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Publication Type
Conference Proceedings
Author, Analytic
Barker, David; McGregor, Duncan; Campbell, Donovan
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Paper/Section Title
Environmental change and Caribbean food security: recent hazard impacts and domestic food production in Jamaica.
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Proceedings Title
Annual Conference of the Royal Geographical Society/Institute of British Geographers
Date of Meeting
August, 2008.
Place of Meeting
Kings College, University of London.
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Date of Publication
2008
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Abstract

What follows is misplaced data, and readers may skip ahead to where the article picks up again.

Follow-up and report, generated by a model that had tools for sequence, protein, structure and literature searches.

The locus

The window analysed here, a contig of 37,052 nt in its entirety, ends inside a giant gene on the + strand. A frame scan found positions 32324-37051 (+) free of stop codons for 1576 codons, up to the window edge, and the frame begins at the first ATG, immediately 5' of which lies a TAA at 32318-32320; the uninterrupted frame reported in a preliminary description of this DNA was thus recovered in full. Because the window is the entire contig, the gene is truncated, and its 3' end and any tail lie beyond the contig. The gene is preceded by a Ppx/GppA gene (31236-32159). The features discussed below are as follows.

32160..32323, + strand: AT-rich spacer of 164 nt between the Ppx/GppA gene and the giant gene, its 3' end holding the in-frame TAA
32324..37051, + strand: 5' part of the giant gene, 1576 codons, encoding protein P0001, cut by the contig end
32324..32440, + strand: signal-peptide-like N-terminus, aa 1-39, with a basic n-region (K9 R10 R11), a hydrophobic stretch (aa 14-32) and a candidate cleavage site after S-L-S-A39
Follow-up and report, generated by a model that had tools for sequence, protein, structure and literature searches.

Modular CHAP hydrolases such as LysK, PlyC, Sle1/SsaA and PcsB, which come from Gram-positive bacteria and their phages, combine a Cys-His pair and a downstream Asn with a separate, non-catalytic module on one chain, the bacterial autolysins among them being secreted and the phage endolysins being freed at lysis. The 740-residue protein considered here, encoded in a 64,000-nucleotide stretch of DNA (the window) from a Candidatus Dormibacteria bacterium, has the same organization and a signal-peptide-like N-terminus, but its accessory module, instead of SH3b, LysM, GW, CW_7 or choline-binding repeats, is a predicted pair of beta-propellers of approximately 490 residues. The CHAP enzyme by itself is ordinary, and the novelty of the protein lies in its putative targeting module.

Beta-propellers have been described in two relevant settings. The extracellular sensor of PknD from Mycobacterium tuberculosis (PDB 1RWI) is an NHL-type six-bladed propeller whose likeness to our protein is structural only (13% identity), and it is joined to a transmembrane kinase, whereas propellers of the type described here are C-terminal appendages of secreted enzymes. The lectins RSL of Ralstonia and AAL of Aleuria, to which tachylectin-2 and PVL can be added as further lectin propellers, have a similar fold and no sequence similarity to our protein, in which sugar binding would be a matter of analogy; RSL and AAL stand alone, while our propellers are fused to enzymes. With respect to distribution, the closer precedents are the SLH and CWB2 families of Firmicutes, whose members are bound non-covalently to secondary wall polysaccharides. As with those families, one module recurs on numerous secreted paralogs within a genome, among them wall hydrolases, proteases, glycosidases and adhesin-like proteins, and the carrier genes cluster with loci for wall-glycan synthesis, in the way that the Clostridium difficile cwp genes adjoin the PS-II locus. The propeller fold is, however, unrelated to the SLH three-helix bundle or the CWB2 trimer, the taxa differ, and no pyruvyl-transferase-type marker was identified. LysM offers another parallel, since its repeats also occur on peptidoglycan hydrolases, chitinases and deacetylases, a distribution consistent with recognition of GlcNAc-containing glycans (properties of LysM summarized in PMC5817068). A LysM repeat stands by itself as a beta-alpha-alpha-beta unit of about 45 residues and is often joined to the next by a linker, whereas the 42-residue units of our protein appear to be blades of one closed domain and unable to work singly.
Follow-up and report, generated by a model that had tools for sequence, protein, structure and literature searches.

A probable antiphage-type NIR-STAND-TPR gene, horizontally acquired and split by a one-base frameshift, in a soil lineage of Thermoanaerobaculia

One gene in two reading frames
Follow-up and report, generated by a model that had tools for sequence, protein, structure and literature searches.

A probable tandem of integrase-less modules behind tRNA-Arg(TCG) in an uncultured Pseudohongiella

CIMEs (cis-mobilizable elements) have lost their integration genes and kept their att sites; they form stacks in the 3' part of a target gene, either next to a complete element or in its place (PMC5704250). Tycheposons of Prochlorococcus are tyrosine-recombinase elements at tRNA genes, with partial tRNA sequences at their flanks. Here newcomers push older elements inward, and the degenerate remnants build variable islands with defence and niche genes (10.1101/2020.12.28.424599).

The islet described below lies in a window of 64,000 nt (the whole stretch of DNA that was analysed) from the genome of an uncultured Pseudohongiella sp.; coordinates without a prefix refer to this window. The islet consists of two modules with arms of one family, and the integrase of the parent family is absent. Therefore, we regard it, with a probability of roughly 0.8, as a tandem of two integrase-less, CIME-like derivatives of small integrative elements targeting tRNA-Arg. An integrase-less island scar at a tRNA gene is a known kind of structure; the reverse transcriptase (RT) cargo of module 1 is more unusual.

It is now almost universally accepted that global warming is taking place (IPCC 2007; Gamble, chapter 2). It is also generally accepted that the net effects of global warming on agriculture, through a combination of global temperature increases, regional variations in rainfall and global increases in CO levels, will be negative on developing areas as a whole (for example, see Reilly 1996; Reilly and Graham 2000; Adger et al. 2003; Parry et al. 2004). The effects of global warming on Caribbean agriculture were postulated (for example, McGregor 1995; Watts 1995; McGregor and Potter 1997) against a background of structural weaknesses in the profile of Caribbean agriculture (Barker 1993). There are two effects to be considered; first, the effects across the Caribbean Basin of more gradual changes in environmental parameters such as temperature and rainfall. Second, there is the more obvious effect of the damage caused in specific locations by single high-magnitude events such as hurricanes. This chapter examines the implications for food security, defined here specifically as the viability of agricultural production systems. A case study of a distinctive marginal farming system in rural Jamaica (southern St Elizabeth) is considered in terms of the effects of recent, but cumulative, environmental changes upon it. The focus is on agricultural marginalization within a complex of regional physical and local societal forces.....
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